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Thus, the 13th verse is partly quoted in _Romeo and Juliet_, A. ii.

sc. 1:

"Young Adam Cupid, he that shot so trim, When King Cophetua loved the beggar-maid."

Again in _Love's Labour's Lost_, (printed in 1598,) A. i. sc. 2.

_Arm._ Is there not a ballad, boy, of the King and the Beggar?

_Moth._ The world was very guilty of such a ballad some three ages since, but, I think, now 'tis not to be found.

See also _Henry Fourth_, P. ii. A. v. sc. 3, _Richard Second_, A. v.

sc. 3, and Ben Jonson's _Every Man in his Humour_, A. iii. sc. 4,--all these cited by Percy.

In _A Collection of Old Ballads_, i. 138, is a _rifacimento_ of this piece, in a different stanza, but following the story closely and preserving much of the diction. It is also printed in Evans's _Old Ballads_, ii. 361.

I read that once in Affrica A prince that there did raine, Who had to name Cophetua, As poets they did faine.

From natures workes he did incline, 5 For sure he was not of my minde, He cared not for women-kind, But did them all disdain.

But marke what happen'd by the way; As he out of his window lay, 10 He saw a beggar all in grey, Which did increase his paine.

The blinded boy that shootes so trim From heaven downe so high, He drew a dart and shot at him, 15 In place where he did lye: Which soone did pierce him to the quick, For when he felt the arrow prick, Which in his tender heart did stick, He looketh as he would dye. 20 "What sudden change is this," quoth he, "That I to love must subject be, Which never thereto would agree, But still did it defie?"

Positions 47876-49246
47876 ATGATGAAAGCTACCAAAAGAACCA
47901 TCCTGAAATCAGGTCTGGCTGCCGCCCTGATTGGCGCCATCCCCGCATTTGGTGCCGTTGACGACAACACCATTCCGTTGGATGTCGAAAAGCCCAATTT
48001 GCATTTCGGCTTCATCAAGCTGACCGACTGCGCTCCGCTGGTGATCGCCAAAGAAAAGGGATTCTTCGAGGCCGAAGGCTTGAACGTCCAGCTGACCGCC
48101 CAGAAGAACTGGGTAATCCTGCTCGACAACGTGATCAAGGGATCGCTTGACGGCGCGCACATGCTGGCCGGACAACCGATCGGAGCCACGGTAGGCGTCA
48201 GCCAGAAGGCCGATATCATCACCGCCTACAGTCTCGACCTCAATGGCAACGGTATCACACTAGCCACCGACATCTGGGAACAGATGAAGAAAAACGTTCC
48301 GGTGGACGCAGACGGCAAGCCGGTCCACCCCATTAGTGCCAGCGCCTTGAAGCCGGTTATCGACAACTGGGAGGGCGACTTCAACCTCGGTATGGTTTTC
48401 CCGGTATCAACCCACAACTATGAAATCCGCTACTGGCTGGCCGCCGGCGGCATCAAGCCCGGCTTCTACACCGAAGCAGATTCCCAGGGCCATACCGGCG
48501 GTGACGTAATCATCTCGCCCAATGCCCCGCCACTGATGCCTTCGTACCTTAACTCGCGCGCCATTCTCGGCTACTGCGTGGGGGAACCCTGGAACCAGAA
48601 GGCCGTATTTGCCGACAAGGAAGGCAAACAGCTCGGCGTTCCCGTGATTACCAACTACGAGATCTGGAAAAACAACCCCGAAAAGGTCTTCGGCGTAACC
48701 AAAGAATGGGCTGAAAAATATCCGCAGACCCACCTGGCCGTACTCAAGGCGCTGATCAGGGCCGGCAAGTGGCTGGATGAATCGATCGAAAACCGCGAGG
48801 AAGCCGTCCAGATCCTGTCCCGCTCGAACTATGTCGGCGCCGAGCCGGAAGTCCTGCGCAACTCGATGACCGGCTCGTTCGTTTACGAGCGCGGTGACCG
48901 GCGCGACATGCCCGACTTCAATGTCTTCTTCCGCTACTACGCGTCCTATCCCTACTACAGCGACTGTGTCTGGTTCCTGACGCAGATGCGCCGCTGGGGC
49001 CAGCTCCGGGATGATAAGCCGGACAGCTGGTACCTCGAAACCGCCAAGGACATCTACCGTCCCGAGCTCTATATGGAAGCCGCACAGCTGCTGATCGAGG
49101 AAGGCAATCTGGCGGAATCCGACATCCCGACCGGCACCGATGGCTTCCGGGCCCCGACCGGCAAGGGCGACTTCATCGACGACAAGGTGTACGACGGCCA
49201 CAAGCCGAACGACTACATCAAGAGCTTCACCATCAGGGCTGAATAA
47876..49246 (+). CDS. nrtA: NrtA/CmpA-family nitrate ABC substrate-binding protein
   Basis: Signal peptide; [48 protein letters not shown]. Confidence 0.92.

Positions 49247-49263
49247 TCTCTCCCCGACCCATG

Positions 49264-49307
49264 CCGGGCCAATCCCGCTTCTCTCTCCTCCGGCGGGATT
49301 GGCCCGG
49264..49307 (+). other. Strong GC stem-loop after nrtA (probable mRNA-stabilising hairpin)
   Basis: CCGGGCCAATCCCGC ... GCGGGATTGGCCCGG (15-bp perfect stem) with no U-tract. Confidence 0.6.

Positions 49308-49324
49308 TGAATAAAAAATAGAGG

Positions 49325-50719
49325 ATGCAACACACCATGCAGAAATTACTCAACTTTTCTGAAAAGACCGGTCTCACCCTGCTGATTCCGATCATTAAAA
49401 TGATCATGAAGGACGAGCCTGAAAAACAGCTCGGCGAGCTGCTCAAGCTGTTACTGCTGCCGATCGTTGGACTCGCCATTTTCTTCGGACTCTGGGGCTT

Then from his window he did come, 25 And laid him on his bed; A thousand heapes of care did runne Within his troubled head.

For now he means to crave her love, And now he seeks which way to proove 30 How he his fancie might remove, And not this beggar wed.

But Cupid had him so in snare, That this poore beggar must prepare A salve to cure him of his care, 35 Or els he would be dead.

And as he musing thus did lie, He thought for to devise How he might have her company, That so did maze his eyes. 40 "In thee," quoth he, "doth rest my life; For surely thou shalt be my wife, Or else this hand with bloody knife, The gods shall sure suffice."